Hoffman Town & Country Meat Market has issued a voluntary recall of all whole-muscle turkey jerky product sold on or before August 21, 2012. This product was sold wrapped in white butcher paper. Consumers should not eat any product they still have on hand.

Cantaloupe: the new lettuce or spinach
Source :
By Drew Falkenstein (AUG 23, 2012)
The first lawsuit in the Salmonella cantaloupe outbreak is now a going concern.  More will follow, against retailers of the contaminated cantaloupes, as well as the farm that grew the bad fruit, Chamberlain Farms in southwest Indiana.  This cantaloupe salmonella outbreak almost the 20th (give or take a few) cantaloupe outbreak since 1985, and follows by almost exactly one year, one of the most lethal outbreaks in US history--also a cantaloupe outbreak, but linked to Jensen Farms in Colorado.
Back a few years ago, leafy green vegetables like lettuce and spinach were the dish de jour for food poisoning outbreaks.  The spinach E. coli outbreak in 2006 (Marler Clark represented over 100 people; 30+ who developed kidney failure) occurred less than one year after the FDA sent this letter to the leafy greens industry in Salinas Valley, California:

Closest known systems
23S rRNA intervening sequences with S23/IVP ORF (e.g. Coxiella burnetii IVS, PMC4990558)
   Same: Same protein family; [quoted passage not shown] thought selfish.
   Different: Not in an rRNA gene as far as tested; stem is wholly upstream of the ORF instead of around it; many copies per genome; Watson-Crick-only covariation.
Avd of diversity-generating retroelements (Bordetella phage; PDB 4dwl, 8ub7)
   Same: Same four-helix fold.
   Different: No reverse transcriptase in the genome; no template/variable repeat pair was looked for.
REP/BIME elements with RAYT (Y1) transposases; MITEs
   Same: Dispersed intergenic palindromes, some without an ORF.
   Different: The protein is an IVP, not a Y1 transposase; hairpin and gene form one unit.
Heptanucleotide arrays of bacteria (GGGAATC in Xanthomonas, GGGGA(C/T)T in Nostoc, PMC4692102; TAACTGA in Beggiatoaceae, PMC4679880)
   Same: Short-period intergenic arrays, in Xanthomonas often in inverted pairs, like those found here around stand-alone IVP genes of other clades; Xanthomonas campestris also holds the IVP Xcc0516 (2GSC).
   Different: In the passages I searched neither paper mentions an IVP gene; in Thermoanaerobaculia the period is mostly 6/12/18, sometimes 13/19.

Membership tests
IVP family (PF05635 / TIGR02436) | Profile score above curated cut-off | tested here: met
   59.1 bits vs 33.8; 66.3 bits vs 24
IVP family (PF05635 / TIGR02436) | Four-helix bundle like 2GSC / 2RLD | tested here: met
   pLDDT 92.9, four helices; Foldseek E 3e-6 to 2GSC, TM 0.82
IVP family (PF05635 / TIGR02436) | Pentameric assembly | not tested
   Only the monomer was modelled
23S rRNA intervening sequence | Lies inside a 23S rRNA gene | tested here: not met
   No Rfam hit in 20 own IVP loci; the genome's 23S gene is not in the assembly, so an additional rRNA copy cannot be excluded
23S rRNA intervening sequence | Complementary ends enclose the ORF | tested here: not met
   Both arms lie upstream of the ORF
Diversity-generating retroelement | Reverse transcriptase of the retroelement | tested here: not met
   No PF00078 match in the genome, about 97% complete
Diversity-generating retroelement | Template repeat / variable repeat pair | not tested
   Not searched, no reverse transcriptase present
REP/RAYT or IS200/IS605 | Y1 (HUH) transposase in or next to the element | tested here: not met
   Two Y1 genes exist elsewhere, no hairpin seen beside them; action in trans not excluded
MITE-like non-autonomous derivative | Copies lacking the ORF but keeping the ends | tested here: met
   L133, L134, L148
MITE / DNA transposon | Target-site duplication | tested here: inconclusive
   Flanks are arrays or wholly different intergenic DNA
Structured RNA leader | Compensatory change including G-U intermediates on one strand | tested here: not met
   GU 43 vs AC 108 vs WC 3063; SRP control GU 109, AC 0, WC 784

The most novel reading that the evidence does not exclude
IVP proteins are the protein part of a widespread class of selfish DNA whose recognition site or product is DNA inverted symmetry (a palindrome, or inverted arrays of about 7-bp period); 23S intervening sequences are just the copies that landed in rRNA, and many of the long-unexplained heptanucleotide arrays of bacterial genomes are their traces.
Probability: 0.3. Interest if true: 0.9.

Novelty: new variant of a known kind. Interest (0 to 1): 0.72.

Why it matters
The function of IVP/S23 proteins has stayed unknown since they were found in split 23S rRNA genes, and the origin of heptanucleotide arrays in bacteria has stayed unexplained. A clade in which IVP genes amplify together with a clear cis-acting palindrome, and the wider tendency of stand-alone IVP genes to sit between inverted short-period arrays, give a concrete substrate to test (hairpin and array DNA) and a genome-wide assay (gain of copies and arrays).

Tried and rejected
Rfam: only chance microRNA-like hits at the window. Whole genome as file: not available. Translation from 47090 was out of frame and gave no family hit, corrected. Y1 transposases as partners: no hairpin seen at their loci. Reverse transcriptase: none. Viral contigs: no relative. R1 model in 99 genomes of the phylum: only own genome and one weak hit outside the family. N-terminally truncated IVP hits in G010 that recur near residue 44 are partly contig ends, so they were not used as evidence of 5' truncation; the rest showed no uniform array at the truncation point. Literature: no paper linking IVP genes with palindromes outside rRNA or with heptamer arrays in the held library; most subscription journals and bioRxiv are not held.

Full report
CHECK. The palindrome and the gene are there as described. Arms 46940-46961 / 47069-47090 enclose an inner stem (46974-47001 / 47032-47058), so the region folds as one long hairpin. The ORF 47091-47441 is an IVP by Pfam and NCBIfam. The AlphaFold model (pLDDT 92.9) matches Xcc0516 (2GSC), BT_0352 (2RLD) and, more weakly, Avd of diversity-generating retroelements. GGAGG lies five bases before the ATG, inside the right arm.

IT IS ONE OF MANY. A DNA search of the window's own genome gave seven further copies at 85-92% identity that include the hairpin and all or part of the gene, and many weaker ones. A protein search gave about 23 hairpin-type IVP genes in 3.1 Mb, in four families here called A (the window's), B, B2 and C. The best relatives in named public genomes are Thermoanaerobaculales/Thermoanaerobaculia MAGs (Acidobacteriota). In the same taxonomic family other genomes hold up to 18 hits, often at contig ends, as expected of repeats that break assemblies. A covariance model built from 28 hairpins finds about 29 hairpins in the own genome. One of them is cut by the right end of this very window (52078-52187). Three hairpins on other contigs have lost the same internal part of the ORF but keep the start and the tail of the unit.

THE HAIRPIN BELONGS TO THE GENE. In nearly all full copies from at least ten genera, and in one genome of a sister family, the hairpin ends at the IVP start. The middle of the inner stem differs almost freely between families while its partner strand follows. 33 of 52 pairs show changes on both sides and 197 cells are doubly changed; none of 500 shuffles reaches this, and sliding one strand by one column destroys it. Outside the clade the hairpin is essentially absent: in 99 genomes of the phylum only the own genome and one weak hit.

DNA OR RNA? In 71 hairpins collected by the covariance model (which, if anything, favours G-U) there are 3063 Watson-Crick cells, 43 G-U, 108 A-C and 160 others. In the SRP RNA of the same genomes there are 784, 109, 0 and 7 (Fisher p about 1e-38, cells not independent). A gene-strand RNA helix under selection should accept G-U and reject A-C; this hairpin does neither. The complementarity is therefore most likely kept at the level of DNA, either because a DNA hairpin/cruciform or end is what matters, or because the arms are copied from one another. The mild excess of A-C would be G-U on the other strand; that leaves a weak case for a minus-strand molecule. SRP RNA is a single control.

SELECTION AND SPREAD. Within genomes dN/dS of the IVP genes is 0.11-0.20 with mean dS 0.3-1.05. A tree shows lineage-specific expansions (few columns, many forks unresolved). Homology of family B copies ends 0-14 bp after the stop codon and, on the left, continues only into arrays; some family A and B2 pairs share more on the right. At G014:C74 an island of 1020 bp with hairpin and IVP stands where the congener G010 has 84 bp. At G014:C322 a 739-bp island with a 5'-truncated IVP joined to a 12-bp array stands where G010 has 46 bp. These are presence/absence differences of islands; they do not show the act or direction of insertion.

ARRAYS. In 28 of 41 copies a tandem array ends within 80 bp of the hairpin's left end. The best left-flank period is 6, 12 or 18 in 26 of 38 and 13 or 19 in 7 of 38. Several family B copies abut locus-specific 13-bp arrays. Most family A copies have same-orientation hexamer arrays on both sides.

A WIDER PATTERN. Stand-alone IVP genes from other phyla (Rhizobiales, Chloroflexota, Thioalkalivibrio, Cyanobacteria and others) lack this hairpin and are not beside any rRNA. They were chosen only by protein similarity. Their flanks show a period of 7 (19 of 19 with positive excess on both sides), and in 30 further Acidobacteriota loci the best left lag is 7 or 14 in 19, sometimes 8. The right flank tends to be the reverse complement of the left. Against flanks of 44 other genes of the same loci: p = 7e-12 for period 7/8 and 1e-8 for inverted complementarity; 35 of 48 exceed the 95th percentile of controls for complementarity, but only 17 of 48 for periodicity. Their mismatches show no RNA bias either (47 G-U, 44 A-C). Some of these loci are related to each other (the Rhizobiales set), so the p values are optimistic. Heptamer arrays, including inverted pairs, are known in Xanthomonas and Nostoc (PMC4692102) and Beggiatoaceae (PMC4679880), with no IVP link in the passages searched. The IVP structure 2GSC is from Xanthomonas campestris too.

FDA is aware of 18 outbreaks of foodborne illness since 1995 caused by Escherichia coli O157:H7 for which fresh or fresh-cut lettuce was implicated as the outbreak vehicle. In one additional case, fresh-cut spinach was implicated. These 19 outbreaks account for approximately 409 reported cases of illness and two deaths. Although tracebacks to growers were not completed in all 19 outbreak investigations, completed traceback investigations of eight of the outbreaks associated with lettuce and spinach, including the most recent lettuce outbreak in Minnesota, were traced back to Salinas, California.